Adapted from a novel by slain proletarian author Takiji Kobayashi, Kanikosen seems, on paper at least, a more apt project for Andrzej Wajda than a punkteur like Sabu, née Hiroyuki Tanaka. But something about Japan’s current financial crisis has allowed this story about the hardships suffered by a group of men inside a crab cannery ship—made into a manga in 2006—to resonate with a new generation of frustrated Japanese underclassmen. Thankfully, this isn’t some astringent period rendering of the communist Kobayashi’s 1929 screed, though by the gonzo standards set by some of Sabu’s other work one could say it lacks the courage of its convictions. The filmmaker applies a distinctly modern genre styling to a sobering text, with the bowels of the ship where the crab canners work notable for its cartoonishly ghoulish gears, pistons, and smoke. But in terms of visual ingenuity, the film peaks way too early, specifically with the eerily absurd vision of one man fearfully taking in the muggy air outside the ship only to be bombarded by falling crabs, then a mass suicide orchestrated by Shinjo (Ryuhei Matsuda) that’s twistedly foiled by the swaying of the vessel, after which Sabu largely shuns the phantasmagoric. Essentially a redundantly argued discourse on the thuggish effects of imperialism on the working man, Kanikosen is littered with jokey flashbacks and visions of the afterlife the canners have after being enticed into expressing their frustrations by the righteous Shinjo, but these sometimes amusing bits of business don’t jibe with the otherwise staightfaced tenor of the film. Every man appears to have the same story (is this Sabu’s communistic sense of characterization?), but because they aren’t developed beyond feather wisps, the whole thing feels unmoored and emotionally bloodless. Suggesting a half-cocked adaptation of Metropolis by Stephen Chow, Kanikosken becomes notable only for not going far enough.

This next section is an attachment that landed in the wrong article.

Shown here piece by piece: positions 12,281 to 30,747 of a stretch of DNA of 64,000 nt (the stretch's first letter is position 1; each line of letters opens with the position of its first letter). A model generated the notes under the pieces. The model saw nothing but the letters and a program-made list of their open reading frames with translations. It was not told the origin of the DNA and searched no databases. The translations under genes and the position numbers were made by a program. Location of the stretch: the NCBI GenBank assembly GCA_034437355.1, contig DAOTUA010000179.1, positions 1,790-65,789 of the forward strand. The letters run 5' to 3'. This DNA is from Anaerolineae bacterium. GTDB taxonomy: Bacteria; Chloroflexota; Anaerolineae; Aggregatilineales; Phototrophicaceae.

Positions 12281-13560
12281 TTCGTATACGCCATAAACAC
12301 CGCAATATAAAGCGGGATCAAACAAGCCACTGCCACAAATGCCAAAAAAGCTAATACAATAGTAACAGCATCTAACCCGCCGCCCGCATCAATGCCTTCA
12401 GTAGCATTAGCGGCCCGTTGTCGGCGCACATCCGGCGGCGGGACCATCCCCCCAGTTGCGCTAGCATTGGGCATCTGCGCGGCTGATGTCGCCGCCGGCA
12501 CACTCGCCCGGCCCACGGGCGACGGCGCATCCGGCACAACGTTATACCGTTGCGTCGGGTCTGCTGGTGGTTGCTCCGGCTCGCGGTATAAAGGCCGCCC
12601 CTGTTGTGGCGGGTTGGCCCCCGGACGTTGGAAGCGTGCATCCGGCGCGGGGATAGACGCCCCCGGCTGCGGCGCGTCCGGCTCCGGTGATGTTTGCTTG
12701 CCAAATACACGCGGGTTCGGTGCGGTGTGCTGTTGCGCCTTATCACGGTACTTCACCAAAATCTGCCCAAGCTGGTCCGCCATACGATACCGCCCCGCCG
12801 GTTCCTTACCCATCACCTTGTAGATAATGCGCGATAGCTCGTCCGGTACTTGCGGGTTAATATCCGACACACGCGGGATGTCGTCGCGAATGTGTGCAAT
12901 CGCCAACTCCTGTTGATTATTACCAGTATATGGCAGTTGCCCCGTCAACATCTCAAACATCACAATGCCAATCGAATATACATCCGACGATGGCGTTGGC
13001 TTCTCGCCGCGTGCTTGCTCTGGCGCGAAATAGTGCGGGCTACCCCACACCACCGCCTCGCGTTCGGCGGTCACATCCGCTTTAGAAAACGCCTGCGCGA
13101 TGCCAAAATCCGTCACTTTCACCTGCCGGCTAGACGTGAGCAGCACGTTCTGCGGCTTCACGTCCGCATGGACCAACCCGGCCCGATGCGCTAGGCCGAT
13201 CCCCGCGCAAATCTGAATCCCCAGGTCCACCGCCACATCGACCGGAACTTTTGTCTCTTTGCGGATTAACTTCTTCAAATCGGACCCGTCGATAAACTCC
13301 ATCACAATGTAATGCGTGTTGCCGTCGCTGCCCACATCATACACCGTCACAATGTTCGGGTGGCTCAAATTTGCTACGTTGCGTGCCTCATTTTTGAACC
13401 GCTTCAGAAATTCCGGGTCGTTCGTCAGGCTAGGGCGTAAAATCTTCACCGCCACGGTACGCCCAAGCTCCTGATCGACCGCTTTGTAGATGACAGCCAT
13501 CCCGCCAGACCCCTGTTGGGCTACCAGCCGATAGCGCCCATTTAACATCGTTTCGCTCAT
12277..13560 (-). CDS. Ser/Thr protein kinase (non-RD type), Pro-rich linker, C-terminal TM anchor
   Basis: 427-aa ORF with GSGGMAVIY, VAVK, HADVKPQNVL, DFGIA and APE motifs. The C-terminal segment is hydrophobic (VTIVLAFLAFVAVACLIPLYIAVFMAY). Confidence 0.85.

- 109 min
- Ryuhei Matsuda, Hidetoshi Nishijima, Hirofumi Arai
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